Guinea's military leader has been shot at by troops loyal to a rival within the army's ruling council
Guinea's Communication Minister Idrissa Cherif says military ruler Captain Moussa Dadis Camara was shot at as his convoy entered an army camp in downtown Conakry.
Cherif says the attack was carried out by soldiers loyal to Captain Camara's aide-de-camp Aboubacar Toumba Diakite. Toumba is widely thought to have been involved in the killing of at least 157 opposition demonstrators two months ago.
Toumba and his men escaped the shooting at Camp Koundara. Speaking on state radio, a member of the military council later said Toumba had been arrested.
There are conflicting reports about whether Captain Camara was wounded in the attack. Cherif says the military leader is out of danger and has returned to the main military barracks at Camp Alpha Yaya Diallo.
Human rights officials in Conakry say the latest trouble began when Captain Camara ordered the arrest of ten members of the presidential guard thought to have been involved in the September 28 killing of opposition demonstrators.
Toumba's men Thursday freed at least one of those suspects, and Captain Camara apparently went to Toumba's base at Camp Koundara to find out why. That is when the shooting happened.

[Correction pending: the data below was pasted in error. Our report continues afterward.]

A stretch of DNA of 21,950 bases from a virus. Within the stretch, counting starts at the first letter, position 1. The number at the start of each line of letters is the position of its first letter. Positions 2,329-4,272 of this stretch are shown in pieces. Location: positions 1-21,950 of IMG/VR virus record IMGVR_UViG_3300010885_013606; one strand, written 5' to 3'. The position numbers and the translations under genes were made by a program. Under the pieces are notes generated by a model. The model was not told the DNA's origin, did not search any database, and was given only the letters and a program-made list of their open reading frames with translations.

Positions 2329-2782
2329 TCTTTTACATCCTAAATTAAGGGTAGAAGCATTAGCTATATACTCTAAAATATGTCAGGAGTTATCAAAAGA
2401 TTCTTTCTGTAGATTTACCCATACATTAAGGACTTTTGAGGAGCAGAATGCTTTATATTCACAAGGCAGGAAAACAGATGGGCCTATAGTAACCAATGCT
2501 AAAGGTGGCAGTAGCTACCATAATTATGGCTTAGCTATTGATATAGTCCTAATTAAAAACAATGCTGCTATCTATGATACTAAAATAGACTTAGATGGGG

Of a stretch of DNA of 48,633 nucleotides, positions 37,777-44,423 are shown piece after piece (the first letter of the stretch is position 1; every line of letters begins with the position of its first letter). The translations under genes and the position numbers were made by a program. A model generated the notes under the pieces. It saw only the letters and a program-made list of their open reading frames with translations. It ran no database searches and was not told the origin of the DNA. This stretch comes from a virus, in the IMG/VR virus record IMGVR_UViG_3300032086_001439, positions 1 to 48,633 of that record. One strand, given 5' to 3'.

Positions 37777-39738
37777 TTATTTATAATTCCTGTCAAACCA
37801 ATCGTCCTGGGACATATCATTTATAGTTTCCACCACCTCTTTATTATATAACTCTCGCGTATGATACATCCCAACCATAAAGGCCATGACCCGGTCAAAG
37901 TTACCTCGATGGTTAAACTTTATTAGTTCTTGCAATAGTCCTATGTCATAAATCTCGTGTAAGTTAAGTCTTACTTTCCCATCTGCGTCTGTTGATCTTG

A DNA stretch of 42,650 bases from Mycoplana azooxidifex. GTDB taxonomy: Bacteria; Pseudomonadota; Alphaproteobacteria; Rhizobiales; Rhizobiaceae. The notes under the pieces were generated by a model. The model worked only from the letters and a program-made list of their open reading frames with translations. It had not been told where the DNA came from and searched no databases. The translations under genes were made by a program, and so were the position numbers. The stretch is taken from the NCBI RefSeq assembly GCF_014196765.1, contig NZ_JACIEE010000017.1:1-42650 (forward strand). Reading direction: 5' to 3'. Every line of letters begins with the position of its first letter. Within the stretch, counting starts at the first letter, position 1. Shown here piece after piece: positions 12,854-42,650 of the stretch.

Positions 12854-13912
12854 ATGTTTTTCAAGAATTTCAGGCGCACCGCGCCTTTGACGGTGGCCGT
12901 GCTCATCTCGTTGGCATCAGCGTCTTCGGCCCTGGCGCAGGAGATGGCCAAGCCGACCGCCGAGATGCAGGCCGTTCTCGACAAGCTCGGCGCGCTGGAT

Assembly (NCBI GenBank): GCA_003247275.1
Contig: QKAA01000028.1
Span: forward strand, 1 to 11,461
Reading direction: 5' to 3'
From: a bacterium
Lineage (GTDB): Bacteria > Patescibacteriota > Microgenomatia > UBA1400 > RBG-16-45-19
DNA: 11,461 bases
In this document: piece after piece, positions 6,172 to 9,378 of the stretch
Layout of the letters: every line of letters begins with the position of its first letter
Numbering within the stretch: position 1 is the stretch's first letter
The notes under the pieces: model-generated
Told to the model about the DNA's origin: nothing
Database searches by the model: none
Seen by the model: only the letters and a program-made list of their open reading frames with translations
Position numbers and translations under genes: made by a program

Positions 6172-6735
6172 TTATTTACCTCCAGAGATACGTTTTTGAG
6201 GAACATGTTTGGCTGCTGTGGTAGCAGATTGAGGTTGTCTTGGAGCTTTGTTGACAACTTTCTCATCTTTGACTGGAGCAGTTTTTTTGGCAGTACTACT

Divisions within Guinea's military have grown since the September violence, which Captain Camara is blaming on both his political opponents and what he calls uncontrollable elements of the military.
A United Nations commission is in Conakry to investigate that killing of opposition protestors who were demonstrating against Captain Camara's expected presidential candidacy. The military government pledged its full cooperation. But the U.N. commission was unable to interview human rights official Mouctar Diallo because he was arrested in connection with an interview he gave to Voice of America following the September violence.
The Economic Community of West African States imposed an arms embargo against the military government because of that violence.
Burkinabe President Blaise Compaore is trying to mediate an end to the political crisis. But his plans for an interim government have been rejected by a coalition of political parties, civil society groups, and trade unions who refuse to take part in any transitional authority that includes members of the military.